November 2016 - IFSAT decision on Fitness & Probity
IFSAT Upholds CBI decision under Fitness & Probity
The Central Bank Reform Act 2010 (“the 2010 Act”) gave the Central Bank a consolidated power to approve senior appointments to regulated firms and powers to investigate, suspend, or prohibit persons from the financial services industry where concerns arise about their fitness and/or probity.
On 24 October 2016, the Irish Financial Services Appeals Tribunal (“IFSAT”) upheld a decision by the CBI to refuse an applicant for authorisation as a sole trader retail intermediary. Matters relevant to the refusal by the CBI included:
- The applicant had failed to satisfy the Central Bank as to his knowledge of the business of a retail intermediary, and also failed to demonstrate a clear and comprehensive understanding of the legal and regulatory obligations applicable to a retail intermediary;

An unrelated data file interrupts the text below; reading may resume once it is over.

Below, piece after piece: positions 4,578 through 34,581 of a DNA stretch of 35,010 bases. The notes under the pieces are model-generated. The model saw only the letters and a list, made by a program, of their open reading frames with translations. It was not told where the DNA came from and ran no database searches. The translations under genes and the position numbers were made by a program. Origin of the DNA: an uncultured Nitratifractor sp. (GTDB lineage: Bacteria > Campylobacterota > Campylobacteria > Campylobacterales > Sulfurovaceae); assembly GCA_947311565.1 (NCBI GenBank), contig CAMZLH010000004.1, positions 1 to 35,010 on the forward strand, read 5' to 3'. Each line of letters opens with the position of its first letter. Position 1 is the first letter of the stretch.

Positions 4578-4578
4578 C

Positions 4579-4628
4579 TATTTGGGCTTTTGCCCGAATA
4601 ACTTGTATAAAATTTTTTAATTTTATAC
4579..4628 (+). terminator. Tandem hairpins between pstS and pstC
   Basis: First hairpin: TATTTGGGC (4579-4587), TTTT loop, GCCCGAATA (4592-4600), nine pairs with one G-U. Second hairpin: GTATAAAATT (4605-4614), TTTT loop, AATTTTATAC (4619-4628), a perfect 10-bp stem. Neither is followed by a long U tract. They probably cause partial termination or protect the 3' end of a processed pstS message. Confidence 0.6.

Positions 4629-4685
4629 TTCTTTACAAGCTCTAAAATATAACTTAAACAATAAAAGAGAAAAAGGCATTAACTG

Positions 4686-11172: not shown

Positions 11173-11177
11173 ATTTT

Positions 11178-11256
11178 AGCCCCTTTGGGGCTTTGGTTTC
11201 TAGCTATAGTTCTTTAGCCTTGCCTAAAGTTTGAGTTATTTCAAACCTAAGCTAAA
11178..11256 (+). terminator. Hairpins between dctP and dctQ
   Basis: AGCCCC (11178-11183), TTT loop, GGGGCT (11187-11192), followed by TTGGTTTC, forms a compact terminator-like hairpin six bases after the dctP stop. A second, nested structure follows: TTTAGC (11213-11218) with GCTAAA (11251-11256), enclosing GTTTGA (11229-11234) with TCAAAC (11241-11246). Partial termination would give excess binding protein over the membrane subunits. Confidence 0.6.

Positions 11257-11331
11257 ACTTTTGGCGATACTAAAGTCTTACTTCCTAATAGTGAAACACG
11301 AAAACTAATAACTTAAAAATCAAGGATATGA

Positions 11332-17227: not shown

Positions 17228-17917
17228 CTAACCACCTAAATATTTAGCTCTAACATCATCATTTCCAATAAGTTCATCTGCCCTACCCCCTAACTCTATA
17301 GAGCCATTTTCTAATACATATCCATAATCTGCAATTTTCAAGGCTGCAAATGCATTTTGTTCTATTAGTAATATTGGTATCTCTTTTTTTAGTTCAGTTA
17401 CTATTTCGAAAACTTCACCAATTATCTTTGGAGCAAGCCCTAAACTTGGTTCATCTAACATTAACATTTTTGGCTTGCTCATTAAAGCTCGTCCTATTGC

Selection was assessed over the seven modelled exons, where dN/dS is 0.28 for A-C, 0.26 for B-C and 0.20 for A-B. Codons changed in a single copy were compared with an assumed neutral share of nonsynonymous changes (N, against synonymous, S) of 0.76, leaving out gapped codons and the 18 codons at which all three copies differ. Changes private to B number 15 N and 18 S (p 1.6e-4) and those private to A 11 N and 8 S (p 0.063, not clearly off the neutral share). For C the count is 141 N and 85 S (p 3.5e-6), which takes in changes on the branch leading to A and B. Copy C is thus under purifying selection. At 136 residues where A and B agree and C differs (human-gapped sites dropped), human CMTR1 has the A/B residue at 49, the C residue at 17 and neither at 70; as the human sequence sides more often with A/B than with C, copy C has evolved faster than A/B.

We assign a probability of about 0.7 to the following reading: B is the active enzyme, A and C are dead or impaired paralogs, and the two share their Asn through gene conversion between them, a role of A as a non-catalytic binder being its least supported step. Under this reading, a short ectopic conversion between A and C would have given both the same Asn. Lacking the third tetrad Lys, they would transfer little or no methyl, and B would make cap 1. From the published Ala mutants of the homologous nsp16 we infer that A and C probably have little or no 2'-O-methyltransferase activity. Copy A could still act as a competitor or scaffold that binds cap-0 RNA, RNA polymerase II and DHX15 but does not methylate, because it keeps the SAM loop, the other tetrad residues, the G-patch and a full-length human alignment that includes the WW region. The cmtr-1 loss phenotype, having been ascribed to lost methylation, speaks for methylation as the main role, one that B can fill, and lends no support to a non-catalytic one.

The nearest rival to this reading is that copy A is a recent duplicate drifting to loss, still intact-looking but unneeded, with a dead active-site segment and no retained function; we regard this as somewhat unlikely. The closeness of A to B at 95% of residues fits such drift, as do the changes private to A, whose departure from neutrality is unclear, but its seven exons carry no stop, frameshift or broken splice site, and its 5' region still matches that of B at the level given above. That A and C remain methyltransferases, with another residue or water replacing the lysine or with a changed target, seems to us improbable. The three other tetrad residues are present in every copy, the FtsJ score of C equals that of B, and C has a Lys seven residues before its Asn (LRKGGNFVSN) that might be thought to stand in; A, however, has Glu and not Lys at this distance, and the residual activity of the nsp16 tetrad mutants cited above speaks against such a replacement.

- A retail intermediary firm, of which the applicant was formerly a director, failed to comply with the Central Bank’s requirements in relation to the online reporting of regulatory returns. The firm also failed to submit a list of pre-approval controlled functions (“PCFs”) to the Central Bank, and to confirm that it had carried out due diligence in relation to the persons performing those PCFs, as required under the Central Bank’s fitness and probity regime;
- The applicant failed to investigate and take action in relation to allegations he had made of irregular conduct by a co-director of his, namely allegations that his co-director had forged his signature. Neither the Central Bank nor IFSAT made any findings of fact in relation to these allegations.; and
- The firm, of which the applicant was formerly a director, was convicted in the District Court for failing to file an annual return with the Companies Registrations Office, as required under company law.
The Central Bank sought and was awarded its costs in the matter.